The battle for exclusive streaming rights to music content is heating up between services like Apple Music and Tidal. Universal Music Group, however, has apparently had it with single-platform exclusive streaming deals and will no longer agree to them, according to Billboard.
Reportedly, Universal’s chairman and CEO Lucian Grainge told the executives of the company’s labels that Universal would no longer agree to single-platform, global streaming exclusives following the release of Frank Ocean’s “Blond” on Apple Music.
It’s interesting, though, as Ocean released his album “Channel Orange” and the visual album “Endless” under Def Jam Records, one of Universal’s many labels. According to today’s reports, “Endless” fulfilled Ocean’s agreement with Def Jam and his latest Apple Music-exclusive offering “Blond” is an independent release under the “Boys Don’t Cry” label.
Today’s reports also claim that Universal Music Group may even have enough leverage to wage a legal case against Ocean, though it’s unclear what that case would be based on if the artist did in fact fulfill his contract with Def Jam. In releasing “Blond” independently, however, Ocean will receive 70 percent of total revenues versus the 17 percent he would have received had in released it under Def Jam. Essentially, Universal and Def Jam got stuck with the visual album, which isn’t actually for sale, instead of the actual album that is headed towards the top of the charts.
UMG chairman/CEO Lucian Grainge reacted swiftly by informing the heads of his labels that Universal was done with streaming exclusives on one platform and on a global basis, which has been at the center of the streaming services’ arms race in the last 18 months, though it remains unconfirmed whether or not Grainge’s policy change was a direct result of Ocean’s strategy behind Blond. But regardless, the damage was done.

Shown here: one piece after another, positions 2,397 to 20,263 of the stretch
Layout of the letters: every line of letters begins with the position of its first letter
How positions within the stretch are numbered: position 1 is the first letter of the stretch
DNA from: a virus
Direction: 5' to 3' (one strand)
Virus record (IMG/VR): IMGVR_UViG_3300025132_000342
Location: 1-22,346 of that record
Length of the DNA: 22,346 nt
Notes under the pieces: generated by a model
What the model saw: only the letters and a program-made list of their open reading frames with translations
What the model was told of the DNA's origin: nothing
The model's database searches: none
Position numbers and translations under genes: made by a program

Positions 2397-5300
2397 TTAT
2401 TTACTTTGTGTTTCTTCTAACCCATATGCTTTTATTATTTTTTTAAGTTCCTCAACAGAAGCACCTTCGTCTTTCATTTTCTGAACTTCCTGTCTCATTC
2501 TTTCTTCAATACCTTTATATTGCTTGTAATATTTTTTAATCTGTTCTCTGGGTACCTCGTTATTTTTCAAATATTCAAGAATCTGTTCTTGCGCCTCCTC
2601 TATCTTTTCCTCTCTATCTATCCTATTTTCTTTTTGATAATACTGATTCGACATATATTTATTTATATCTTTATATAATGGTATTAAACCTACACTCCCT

Def Jam reportedly spent upwards of $2 million on recording costs for Ocean’s album, though it’s now obvious that those costs could have been for the visual album “Endless,” not “Blond.”
While nothing has been confirmed, it’s highly likely that Ocean’s play of releasing “Blond” independently and exclusively on Apple Music soured Universal’s feelings on streaming exclusive. The idea of exclusive content has been criticized in the past, though labels continue to strike deals with services.
Apple Music itself has secured a handful of exclusives, including ones from Ocean, Drake, Katy Perry, Taylor Swift and more. Britney Spears’ upcoming album “Glory” is also expected to be an Apple Music exclusive.
It will be interesting to see if other labels follow Universal’s strategy and back away from exclusive streaming deals. These deals, however, are what Apple Music and Spotify have relied on over the past year to gain leverage against each other. Another thing to consider, though, is the idea of artists going independent of labels altogether, much like Ocean and other artists have done.
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